Roy van Aalst, a Dutch politician, has spoken out against the elimination of grid girls from Formula 1 racing, claiming that it is a manner of patronising women. He boasted that the Organization for Freedom (PVV), a right-wing nationalist political party to which he belongs, will ensure that the grid girls are reinstalled at the Zandvoort Grand Prix in 2020.
There can be no equality in sport if women’s bodies are utilised to promote themselves
“Only a complete moron would consider a gorgeous woman an issue,” he remarked. “The rest of the population adores it.” It’s a part of motorsport, and the PVV wants us to make sure that this lovely tradition is revived next year.” In 2018, the grid girls were replaced with grid kids, signalling a transition in Formula 1 towards a more family-friendly culture. However, van Aalst’s remarks echo the outcry to the shift, which included some grid girls claiming that “feminists” were denying them the right to work. Lauren-Jade Pope, a grid girl, turned to Twitter to express her displeasure: Surprisingly, the “feminists” so frequently highlighted in the debate were actually the Formula One managers themselves. They decided to cease using grid girls because they no longer matched their brand values – according to Sean Bratches, Formula 1’s managing director of commercial operations. Grid girls’ inclusion was “in contrast with modern-day cultural norms,” according to the statement. Women would be out of employment if grid girls were eliminated, according to one of the primary critiques of the decision.
Women’s profits would be lost, and the decision would deny them their “freedom to chose” to use their bodies for aesthetic and financial benefit, according to such opposition. Grid girls were responsible for a variety of promotional responsibilities, the most common of which included publicising sponsor names and cheering on the all-male racing drivers. The restoration of the grid girls has been asked for by prominent figures, including World Champion Lewis Hamilton. Hamilton’s explanation that “women are the most beautiful thing in the world,” as well as Ferrari driver Sebastian Vettel’s statement that he “likes ladies” because “they look lovely,” highlight the enduring sexism in motorsport. There is still a long way to go in eradicating these antiquated stereotypes, particularly in traditionally male-dominated sports like motor racing. Former grid girls have stated that their daily wages were around £300, despite the fact that the job was intermittent. Kelly Brook, Melinda Messenger, and Jodie Marsh, for example, all began their “careers” as grid girls before moving on to glamour modelling in boys’ magazines and the like. During the backlash to the decision in 2018, grid girl testimony attempted to stigmatise feminists as bigots, with headlines “retaliating” against “middle-class feminists who are putting other women out of work.”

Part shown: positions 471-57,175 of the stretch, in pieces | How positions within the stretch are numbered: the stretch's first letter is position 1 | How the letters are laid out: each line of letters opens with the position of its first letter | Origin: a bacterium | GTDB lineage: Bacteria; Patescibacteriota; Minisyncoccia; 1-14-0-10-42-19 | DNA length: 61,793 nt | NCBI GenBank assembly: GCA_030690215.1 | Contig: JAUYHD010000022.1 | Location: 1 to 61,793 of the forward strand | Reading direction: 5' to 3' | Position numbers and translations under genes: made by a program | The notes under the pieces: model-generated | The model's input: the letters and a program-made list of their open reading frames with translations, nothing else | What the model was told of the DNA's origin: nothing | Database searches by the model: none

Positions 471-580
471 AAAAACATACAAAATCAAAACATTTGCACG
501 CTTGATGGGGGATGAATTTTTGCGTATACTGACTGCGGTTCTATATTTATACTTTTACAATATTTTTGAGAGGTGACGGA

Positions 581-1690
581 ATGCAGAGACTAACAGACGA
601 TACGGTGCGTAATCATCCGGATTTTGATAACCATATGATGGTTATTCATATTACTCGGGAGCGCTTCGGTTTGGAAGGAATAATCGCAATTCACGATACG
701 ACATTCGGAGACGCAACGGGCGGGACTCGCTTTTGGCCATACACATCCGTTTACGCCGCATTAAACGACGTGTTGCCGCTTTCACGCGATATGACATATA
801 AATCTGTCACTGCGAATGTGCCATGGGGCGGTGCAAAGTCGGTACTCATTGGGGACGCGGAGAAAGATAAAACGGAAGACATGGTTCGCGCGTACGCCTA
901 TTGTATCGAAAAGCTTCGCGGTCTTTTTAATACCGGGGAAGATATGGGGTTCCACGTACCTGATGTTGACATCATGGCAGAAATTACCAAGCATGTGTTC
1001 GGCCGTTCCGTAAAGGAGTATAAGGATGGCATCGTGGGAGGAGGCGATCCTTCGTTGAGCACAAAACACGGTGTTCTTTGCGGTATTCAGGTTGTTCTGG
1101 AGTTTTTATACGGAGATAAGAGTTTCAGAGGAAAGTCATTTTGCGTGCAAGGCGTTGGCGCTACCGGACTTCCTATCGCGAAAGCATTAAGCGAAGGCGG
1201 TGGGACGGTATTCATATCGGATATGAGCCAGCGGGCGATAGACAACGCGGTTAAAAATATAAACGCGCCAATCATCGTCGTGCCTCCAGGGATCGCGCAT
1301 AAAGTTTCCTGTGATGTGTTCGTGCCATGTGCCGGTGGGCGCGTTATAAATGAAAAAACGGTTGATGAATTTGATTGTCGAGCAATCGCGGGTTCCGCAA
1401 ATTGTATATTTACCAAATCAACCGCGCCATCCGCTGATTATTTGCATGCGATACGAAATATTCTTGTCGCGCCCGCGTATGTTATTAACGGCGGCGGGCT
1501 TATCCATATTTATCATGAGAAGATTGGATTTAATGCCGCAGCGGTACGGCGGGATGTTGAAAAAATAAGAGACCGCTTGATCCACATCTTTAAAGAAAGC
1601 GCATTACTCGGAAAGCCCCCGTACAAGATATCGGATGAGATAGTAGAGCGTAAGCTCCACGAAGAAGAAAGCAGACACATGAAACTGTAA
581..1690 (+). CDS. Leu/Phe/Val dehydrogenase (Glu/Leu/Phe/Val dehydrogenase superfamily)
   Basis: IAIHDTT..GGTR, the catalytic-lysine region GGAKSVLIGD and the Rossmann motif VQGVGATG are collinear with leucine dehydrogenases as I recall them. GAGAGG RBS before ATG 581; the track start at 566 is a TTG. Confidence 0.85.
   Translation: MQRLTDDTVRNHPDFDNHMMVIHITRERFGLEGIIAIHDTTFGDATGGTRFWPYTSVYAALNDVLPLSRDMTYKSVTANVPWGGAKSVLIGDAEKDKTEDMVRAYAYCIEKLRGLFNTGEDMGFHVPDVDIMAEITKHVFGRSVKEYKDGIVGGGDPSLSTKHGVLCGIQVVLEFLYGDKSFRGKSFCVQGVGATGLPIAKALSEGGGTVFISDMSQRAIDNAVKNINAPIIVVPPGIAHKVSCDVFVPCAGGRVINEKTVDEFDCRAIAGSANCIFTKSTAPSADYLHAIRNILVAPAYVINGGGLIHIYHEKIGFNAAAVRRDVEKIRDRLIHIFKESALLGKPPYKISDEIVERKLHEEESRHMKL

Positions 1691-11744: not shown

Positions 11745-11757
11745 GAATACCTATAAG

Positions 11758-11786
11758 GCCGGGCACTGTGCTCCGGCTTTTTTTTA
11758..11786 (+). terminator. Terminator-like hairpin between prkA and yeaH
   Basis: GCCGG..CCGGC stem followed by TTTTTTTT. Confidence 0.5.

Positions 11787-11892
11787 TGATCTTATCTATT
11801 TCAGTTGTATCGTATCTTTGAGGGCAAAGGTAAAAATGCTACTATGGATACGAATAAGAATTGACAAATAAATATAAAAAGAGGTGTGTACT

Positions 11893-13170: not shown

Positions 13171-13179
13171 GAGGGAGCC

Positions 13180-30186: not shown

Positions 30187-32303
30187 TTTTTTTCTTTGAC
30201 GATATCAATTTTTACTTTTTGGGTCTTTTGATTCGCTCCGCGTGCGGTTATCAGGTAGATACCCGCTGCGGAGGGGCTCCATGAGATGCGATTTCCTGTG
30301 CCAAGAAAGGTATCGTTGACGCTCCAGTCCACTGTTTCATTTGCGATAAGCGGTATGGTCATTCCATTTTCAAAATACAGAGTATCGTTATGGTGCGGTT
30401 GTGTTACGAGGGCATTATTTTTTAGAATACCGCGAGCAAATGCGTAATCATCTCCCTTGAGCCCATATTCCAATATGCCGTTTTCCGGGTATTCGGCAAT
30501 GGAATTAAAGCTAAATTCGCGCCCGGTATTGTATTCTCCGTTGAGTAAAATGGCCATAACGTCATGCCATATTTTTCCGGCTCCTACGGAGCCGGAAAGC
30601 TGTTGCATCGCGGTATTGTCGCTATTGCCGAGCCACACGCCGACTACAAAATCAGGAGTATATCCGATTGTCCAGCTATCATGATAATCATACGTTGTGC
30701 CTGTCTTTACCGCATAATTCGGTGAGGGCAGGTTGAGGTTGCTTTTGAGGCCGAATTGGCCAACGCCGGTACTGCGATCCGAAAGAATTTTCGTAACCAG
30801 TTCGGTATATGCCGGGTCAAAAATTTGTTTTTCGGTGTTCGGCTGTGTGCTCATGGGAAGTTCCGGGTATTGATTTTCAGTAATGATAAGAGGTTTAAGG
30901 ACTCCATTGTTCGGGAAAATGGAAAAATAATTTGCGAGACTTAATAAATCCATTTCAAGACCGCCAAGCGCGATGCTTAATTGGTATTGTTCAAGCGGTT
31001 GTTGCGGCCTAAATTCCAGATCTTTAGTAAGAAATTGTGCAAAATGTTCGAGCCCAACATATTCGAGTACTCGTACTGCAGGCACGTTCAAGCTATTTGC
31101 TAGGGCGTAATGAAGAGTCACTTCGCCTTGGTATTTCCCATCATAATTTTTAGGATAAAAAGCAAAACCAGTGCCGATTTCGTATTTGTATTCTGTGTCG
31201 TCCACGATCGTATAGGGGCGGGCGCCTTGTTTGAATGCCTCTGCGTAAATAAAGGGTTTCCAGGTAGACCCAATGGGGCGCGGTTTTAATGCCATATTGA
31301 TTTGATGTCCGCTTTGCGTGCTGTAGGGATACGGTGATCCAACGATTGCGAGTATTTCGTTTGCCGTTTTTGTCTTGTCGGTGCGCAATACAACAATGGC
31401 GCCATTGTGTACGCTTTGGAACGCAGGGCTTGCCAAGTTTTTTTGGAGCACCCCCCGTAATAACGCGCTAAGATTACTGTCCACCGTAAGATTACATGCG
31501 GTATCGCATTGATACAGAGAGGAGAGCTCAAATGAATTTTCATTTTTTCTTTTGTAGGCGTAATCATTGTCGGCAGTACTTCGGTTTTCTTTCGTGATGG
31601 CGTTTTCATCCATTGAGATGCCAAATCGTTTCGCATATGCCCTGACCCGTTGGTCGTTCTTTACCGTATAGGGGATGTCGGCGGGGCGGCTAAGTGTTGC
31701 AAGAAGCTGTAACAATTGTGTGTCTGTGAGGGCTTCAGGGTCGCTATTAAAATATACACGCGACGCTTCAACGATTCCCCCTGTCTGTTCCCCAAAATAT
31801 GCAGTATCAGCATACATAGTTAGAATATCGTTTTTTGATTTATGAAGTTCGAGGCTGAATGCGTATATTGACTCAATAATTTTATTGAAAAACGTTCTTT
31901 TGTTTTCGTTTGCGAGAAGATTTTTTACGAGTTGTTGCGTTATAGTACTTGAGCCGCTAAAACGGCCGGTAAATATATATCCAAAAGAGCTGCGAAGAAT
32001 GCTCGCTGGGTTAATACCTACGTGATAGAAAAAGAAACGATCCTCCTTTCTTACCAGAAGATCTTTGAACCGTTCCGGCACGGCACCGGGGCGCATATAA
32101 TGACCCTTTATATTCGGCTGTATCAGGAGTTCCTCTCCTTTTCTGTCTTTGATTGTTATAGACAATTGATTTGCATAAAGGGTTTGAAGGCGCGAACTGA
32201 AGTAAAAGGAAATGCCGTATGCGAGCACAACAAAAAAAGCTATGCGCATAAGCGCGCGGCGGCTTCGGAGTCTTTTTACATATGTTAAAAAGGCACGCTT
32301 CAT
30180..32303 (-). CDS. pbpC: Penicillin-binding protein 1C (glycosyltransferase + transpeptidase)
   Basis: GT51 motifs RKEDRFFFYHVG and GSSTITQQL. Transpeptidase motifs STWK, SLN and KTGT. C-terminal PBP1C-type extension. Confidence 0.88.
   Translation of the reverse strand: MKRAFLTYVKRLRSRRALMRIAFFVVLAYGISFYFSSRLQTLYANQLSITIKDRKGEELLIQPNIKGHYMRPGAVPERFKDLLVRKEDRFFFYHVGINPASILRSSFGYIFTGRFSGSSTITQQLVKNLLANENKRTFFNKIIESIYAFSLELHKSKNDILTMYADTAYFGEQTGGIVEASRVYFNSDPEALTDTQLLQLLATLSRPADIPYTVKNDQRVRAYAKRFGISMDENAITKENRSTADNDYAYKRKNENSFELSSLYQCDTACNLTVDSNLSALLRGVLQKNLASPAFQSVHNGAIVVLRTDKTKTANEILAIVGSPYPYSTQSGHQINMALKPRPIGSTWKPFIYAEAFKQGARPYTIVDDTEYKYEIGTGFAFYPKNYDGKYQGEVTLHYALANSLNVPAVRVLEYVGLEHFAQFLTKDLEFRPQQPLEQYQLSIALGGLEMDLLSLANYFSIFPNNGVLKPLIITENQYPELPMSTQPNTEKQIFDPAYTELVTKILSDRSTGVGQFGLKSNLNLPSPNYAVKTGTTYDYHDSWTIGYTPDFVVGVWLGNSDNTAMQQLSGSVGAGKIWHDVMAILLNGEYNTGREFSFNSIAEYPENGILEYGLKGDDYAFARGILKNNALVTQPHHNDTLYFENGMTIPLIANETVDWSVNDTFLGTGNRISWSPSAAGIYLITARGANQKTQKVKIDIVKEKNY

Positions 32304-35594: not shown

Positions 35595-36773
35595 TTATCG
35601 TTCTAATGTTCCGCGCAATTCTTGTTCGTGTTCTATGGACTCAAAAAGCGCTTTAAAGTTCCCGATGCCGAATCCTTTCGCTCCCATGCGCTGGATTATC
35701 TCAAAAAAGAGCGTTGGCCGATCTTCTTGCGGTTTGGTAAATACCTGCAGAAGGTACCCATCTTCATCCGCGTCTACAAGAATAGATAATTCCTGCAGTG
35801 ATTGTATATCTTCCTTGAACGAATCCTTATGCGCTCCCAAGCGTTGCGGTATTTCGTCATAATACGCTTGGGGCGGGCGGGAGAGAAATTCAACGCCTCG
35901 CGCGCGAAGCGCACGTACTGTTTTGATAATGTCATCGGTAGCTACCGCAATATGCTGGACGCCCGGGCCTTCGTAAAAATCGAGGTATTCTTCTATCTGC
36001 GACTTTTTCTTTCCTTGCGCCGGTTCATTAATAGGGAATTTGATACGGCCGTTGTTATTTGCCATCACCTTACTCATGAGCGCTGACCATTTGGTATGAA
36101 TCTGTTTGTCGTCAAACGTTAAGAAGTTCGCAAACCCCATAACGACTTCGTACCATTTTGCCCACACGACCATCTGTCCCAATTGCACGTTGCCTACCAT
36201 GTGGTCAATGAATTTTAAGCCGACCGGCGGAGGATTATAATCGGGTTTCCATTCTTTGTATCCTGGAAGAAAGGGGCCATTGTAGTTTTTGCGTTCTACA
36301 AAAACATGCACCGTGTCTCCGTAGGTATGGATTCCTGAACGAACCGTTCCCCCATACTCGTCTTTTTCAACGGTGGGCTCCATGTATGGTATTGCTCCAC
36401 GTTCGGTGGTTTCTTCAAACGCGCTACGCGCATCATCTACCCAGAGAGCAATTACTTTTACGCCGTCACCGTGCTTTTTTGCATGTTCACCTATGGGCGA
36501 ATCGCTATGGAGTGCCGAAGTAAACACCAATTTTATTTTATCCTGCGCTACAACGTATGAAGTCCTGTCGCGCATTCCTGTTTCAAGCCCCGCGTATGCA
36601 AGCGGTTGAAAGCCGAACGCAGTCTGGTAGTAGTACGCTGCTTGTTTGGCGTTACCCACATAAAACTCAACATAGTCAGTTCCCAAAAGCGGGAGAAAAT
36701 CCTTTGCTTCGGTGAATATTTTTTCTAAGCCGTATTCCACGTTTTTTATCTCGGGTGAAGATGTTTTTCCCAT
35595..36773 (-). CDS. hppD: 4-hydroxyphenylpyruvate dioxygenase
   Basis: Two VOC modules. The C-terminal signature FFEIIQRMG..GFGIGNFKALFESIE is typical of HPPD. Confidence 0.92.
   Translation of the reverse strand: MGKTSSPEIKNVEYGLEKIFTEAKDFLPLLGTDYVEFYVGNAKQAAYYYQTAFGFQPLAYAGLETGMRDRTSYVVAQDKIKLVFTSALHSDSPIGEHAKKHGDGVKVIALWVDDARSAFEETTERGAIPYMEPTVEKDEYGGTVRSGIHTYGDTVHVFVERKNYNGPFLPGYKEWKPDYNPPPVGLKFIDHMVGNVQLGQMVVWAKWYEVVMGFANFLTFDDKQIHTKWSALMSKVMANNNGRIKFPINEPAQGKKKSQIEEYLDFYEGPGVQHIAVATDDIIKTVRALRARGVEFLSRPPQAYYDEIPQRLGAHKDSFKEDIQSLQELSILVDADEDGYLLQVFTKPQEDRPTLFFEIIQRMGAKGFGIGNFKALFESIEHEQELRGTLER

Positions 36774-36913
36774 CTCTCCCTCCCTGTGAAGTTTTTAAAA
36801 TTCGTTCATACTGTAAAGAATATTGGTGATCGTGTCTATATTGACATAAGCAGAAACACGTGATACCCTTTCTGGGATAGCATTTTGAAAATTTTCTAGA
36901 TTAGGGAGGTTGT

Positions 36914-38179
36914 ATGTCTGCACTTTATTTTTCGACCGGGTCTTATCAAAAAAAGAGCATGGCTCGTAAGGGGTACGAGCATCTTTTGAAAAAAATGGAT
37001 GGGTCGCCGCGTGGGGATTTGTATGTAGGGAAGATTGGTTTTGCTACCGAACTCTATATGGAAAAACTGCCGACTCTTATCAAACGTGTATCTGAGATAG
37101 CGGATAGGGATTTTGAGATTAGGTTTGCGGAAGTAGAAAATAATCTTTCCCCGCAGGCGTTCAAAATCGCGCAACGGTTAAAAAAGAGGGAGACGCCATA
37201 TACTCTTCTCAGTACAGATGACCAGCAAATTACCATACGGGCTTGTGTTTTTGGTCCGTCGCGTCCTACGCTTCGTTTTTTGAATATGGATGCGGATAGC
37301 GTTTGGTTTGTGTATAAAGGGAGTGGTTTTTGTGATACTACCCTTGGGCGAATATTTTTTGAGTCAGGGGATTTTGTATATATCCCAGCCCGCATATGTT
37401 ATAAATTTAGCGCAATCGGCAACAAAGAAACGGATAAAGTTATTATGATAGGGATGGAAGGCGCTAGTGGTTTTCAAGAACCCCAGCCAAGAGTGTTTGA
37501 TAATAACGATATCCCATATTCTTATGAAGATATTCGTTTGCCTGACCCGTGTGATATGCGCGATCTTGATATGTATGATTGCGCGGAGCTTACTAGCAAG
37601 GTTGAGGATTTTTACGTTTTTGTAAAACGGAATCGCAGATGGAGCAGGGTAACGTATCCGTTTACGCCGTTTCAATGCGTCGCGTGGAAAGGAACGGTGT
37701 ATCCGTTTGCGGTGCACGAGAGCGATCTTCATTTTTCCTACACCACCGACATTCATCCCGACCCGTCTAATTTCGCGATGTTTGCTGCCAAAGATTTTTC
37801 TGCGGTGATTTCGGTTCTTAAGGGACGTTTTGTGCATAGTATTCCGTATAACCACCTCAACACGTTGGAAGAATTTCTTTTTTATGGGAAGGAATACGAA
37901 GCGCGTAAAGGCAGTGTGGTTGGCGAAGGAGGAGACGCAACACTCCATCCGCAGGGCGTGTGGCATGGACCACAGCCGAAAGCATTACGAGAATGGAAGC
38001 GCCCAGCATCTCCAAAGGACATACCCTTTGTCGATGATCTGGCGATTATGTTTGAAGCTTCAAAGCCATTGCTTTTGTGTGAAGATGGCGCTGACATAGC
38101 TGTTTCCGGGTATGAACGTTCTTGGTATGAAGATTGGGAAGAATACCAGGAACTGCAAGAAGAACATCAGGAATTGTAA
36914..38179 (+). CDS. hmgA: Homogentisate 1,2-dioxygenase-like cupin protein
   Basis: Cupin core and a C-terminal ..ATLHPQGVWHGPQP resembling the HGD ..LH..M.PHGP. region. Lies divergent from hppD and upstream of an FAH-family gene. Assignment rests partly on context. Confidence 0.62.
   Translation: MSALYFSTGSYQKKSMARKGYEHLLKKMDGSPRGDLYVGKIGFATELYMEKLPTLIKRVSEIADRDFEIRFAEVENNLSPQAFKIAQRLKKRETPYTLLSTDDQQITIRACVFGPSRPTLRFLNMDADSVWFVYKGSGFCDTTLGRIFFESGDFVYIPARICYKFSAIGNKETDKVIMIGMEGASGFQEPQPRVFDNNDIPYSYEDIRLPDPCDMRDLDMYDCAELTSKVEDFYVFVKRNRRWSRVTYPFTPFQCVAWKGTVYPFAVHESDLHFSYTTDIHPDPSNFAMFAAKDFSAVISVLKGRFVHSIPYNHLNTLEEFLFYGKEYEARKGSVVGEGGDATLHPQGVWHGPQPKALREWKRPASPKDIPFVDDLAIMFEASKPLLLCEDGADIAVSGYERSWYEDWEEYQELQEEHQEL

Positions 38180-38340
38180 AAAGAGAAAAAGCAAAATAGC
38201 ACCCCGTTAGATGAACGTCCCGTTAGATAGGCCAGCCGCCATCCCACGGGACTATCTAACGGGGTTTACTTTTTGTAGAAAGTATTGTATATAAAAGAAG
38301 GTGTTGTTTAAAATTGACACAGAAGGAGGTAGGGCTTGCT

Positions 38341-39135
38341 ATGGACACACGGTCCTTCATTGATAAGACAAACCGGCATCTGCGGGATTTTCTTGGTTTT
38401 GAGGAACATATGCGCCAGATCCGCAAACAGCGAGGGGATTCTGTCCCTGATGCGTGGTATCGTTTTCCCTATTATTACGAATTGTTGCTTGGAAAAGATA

Uneven representation in Formula 1 promotional modelling was adequate to disprove claims of discriminatory treatment in terms of job losses. The full removal of men from this role, as well as the lack of promotional models from BME groups, revealed a blatant lack of equal opportunity (if you can call sexual objectification that). Promotional modelling has a strict time limit as well, with “careers” in this area typically ending in the mid-to-late 20s for most women. The message was communicated, particularly to young girls, that motor racing is a male-dominated sport and that if you want to be a part of it, you must be a man. You should strive to be attractive, sexualise yourself, and be willing to drape yourself over automobiles and male racing drivers as a fashion accessory. This is a dramatic contrast to the message being given today, where excited grid kids — both male and female – now stroll onto the grid with dreams of becoming race drivers. Formula One must keep this message alive and not revert to one that insults, demoralises, and dehumanises its female fans. Despite progress in Formula One, promotional modelling is still prevalent in other sports, such as walk-on females (darts and cycling), ring girls (wrestling and boxing), and cheerleaders (football and basketball).
Formula One’s shift away from grid girls has made the sport more inclusive, and now is the time for other businesses to follow suit. Women will continue to be underpaid, devalued, and underestimated in sports until they are given equal opportunity. Roy van Aalst’s belief that only “big idiots” can find attractive women a problem highlights the blatant stupidity that pervades many conversations over popular culture’s sexualisation. Of course, “beautiful ladies,” as well as “beautiful men” and “beautiful people” in general, are not an issue. However, when you just show one sex as “beautiful” – I think “sexualized” is a better word for the grid girls They are to be observed, but they are never granted the authority to be the “observers.” This is how you discourage women from aspireing to be sports champions and instead put them to the sidelines, encouraging them to be cheerleaders instead. If taking a pro-gender equality attitude qualifies me as a “big fool,” then I am confidently and proudly one. I’m sure it will be appreciated by my daughter.
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